Wednesday, August 17, 2016


Oh, were it mine with sacred Maro’s art
To wake to sympathy the feeling heart,
Then might I with unrivalled strains deplore
impervious horrors of a leeward shore. 
-William Mowatt (from The Ionian Mission)

It may be hard to believe, but conservatives such as myself are big fans of immigration.  My grandfather immigrated here from Denmark, and all people living in the USA, including those designated "Native American" tribes, at one point immigrated to this land.
This nation built by immigration, however, is one built also by the rule of law and a love of freedom.  And this is where conservatives part ways with other groups, in a love of both of these things, in proper perspective, without ignoring either.
Illegal immigration ignores the rule of law in favor of freedom.  Closed borders ignores liberty to focus only upon the rule of law.  These two pressures can be viewed as negatives as well: imagine a ship sailing through a narrow channel, with jagged rocks and cliffs on either side, beneath the choppy seas are hidden reefs and shoals.
So, if you would, consider with me an analogy that helps understand this tension and perspective.
Think of the nation as the great ship America, a sailing ship from the times of wooden ships and iron men.  It sails down a passage between jagged, lethal rocks on either side, manned by sailors of independence and personal ambition, working together to move ahead in this treacherous channel.
The main passage, through the center of these deadly cliffs, is freedom.  To stay on course toward liberty is to stay away from the ruinous shores on either side.  Shores which, if examined closely, can be found to meet beneath the hull of the ship, hidden deep by the waves.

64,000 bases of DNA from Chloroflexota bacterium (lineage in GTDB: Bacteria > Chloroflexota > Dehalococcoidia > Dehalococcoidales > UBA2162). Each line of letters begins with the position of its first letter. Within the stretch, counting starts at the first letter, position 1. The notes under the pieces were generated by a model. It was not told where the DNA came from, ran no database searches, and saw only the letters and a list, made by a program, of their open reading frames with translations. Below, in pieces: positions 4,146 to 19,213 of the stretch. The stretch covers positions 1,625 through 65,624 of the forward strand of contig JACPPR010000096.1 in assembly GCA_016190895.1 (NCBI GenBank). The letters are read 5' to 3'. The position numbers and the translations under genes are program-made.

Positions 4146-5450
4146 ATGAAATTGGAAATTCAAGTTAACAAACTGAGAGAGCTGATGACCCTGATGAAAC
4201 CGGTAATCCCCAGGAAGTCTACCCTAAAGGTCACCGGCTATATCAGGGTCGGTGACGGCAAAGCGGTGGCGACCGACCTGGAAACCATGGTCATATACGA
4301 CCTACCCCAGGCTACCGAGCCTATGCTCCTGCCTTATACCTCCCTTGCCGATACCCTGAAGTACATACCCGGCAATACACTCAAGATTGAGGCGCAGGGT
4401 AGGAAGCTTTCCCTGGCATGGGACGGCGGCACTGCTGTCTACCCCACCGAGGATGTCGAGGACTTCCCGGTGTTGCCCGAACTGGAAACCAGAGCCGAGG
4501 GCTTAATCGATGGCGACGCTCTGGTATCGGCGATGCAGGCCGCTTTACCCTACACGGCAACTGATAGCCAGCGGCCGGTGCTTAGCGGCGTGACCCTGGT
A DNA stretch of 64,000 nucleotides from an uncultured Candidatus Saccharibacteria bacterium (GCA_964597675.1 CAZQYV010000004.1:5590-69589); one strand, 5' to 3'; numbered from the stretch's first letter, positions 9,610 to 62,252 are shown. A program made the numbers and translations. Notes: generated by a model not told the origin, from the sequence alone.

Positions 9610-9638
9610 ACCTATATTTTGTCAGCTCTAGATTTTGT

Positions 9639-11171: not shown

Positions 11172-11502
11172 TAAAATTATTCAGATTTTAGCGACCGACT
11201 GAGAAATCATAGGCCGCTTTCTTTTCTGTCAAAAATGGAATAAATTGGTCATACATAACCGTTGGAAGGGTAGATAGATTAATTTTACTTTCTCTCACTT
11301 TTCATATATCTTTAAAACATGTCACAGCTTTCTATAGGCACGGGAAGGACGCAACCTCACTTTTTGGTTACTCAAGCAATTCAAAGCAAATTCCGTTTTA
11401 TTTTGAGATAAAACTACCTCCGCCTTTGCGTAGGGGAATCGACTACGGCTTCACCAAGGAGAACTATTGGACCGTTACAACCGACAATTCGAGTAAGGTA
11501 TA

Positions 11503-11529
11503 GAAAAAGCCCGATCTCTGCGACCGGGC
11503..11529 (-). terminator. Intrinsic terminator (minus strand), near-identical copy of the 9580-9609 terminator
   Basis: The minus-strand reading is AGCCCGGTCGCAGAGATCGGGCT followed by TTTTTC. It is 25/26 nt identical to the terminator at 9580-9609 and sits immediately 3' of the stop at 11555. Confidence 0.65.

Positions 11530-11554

On the port side is the evil of tyranny, in which liberty is destroyed.  On the starboard side is anarchy, in which law is abandoned.  Charting a course between these two evils that destroy civilization and happiness is a treacherous and dangerous job.
For centuries, this nation has been piloted through that narrow channel with a rudder called the Constitution and captained by leaders of integrity and wisdom.  To veer too close to one side or the other means the ship is wrecked, and as we pass through the years, we can see the skeletons of ships that veered one way or the other too far.  Nations destroyed by abandoning the rule of law or tyranny litter the passage of history.
To drift too far to port crushes the ship of our nation on tyranny, grinding its hull to pieces on laws that control us, rules that dominate us, and a culture that obliterates liberty, ambition, creativity, productivity, and even hope.  This tyranny can come to us in many forms, and always, without exception, is presented as being better for us, for our own good, and from well-meaning notions such as equality, safety, or morality.
Drifting too far to starboard eliminates law and order, creating only chaos and anarchy.  This demolishes the nation with rioting, violence, instability, crime, and disorder.  Anarchy need not be a wild man with a bomb, or a mob rising in fury.  It comes from leaders who ignore laws, from laws which the nation refuses to heed, and from exasperation, frustration, or rage at leaders who will not lead or listen.  Anarchy can come from a culture so comfortable with ignoring ethics that it mocks virtues and avoids order.  
Anarchy is when every man does what is right in his own eyes, and every woman lives her own life without regard for anyone else. It comes to us in the name of equality and freedom, but in the end only gives us bondage when after all the violence and madness, the people cry for strong leadership to bring us safety and order -- leadership which is tyrannical.
For these two extremes are like a circle: tyranny often leads to revolution and anarchy, which leads to tyranny.  Anarchy leads to tyranny when people cry for strength and order.  The two evils are incestuous, connected with tentacles of corruption and injustice that reach far into the past and, if we are not careful, our future.  There is no safe port to either side.  Both lead only to rocks, destruction, and misery.